Lokesh Todi, based in Kathmandu, and his brother Aditya Todi, based in Boston, began raising money through the website IndieGoGo about five hours after the earthquake struck. So far, more than $120,000 has been donated. All funds will go directly to Global Shapers, an NGO registered and operating in Nepal. Global Shapers will then disburse the funds to local NGOs that have close, longstanding ties within local communities—organizations that will continue working in the region long after donations have stopped trickling in.

The goal, Todi says, is to focus on women, children, and sanitation, particularly in rural areas—demographics and issues that are often overlooked in disaster relief. The Todi brothers hope “to deal with the void left behind” by the quake.

“It’s unfortunate to see people who were already suffering to suffer more,” Todi says.

Dr. Bibhav Acharya has also used IndieGoGo; so far, his campaign has raised $600,000 for Nepali NGOs.

“This whole week has been heartbreaking and heartwarming at the same time,” he says.

His campaign funnels funds directly to the Nepali-registered NGO, America Nepal Medical Foundation; AMNF is then working with other local organizations to provide medical relief.

“The goal is to support the structures already in place—not to create something new,” Acharya emphasizes.

Nepal was long overdue for a major earthquake, and the government had plans in place for such a disaster—in theory, at least. With an earthquake of this magnitude, officials expected a death toll of 100,000 and the ranks of the injured to swell to 300,000.

Yet with around 5,000 deaths and 10,000 injuries—devastation on a scale much less than predicted—the government is still scrambling to recover.

The government’s efforts “need to be more coordinated,” says Sushil Baral, executive director of Health Research and Social Development (HERD). Otherwise, they will have an epidemic—or several—on their hands. “There are NGOs and individuals who are willing to contribute,” Baral says. “But making sure those funds are reaching the people on time is important.”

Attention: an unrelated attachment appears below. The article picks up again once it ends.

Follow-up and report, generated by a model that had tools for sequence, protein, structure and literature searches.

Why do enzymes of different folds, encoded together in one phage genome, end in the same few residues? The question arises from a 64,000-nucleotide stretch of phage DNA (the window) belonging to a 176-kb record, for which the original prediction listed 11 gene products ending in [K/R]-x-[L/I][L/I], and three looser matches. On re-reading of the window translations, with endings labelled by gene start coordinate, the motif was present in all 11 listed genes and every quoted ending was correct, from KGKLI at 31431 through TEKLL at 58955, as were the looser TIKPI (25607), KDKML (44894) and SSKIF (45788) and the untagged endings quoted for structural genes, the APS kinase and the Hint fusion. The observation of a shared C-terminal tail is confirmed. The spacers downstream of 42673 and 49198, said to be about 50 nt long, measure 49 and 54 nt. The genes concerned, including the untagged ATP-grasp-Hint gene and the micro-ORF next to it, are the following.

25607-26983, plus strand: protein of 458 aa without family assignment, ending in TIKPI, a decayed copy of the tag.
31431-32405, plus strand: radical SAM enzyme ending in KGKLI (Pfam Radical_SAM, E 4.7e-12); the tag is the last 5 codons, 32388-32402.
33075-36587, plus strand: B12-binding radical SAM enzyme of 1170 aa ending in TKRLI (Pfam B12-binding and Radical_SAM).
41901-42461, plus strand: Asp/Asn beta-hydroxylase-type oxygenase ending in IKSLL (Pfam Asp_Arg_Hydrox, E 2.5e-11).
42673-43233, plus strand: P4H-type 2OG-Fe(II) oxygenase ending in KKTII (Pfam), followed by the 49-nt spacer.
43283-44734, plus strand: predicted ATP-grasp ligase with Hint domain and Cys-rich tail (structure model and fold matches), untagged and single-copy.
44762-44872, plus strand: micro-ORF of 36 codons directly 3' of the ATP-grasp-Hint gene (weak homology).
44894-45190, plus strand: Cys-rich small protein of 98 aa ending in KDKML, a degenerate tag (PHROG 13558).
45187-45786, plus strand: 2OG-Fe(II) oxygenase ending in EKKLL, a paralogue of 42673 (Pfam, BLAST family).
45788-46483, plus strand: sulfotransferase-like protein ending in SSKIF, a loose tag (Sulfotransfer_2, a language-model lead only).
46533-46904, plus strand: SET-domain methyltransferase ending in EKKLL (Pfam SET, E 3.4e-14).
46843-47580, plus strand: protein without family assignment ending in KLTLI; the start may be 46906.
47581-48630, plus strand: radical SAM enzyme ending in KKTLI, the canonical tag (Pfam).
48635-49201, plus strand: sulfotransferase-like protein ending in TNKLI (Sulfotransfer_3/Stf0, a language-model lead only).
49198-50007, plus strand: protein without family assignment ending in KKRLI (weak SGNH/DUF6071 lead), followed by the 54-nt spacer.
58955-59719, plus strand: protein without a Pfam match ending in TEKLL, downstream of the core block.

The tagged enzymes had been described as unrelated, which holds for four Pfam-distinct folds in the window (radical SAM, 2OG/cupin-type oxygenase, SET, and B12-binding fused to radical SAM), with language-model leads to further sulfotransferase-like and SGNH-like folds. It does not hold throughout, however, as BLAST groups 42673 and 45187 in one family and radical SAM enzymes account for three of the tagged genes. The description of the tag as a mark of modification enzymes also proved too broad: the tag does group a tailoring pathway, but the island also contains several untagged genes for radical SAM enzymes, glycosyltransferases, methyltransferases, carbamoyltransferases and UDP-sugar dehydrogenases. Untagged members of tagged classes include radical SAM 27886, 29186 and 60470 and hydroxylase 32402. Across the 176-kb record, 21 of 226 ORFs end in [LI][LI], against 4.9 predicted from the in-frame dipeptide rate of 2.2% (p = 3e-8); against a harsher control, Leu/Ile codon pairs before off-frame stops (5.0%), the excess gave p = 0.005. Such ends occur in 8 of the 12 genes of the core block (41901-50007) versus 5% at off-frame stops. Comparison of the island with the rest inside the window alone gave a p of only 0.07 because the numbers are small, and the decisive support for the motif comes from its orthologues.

Now, rumors have begun circulating that the government is clamping down on donations made after April 25—even to local organizations.

For now, Lokesh Todi is confident that donations raised through his campaign will soon reach Nepalis in need.

“I believe that the government won’t interfere,” Todi says. “If it does, the government will lose credibility—not only among local NGOs but also international aid organizations.”

“It’s something the government needs to think about, if they’re going to meddle,” Todi adds. There are NGO experts who might be better placed than politicians to disburse funds, he says, especially to those so often overlooked in basic health and development services.

Bibhav Acharya is worried that potential donors have been scared off by the news around the government’s control of funds.

“That has been such a distraction for the supporters,” Acharya says, clearly frustrated. “It caused so much confusion.”

The delay in aid will directly affect survivors like Tanak Lama, who is sleeping with his family outside of Bir hospital. They’re waiting for Lama’s sister-in-law, Anatari Lama Bal, to be treated for head wounds. Back home, their goats are buried, their house is gone. They don’t even have a tent to camp under.

“I really don’t know what we’ll do when we get back,” Lama says.

Melody SchreiberMelody Schreiber is a program manager at the International Reporting Project. Before joining IRP, she was an assistant editor at the Woodrow Wilson International Center for Scholars. She has also worked as a freelance editor for various authors and research institutions. Her articles and essays have been published by The Washington Post,Washingtonian, Slate, Grist and other publications. Her fiction has appeared in District Lines and Magical: An Anthology of Fantasy, Fairy Tales, and Other Fiction for Adults.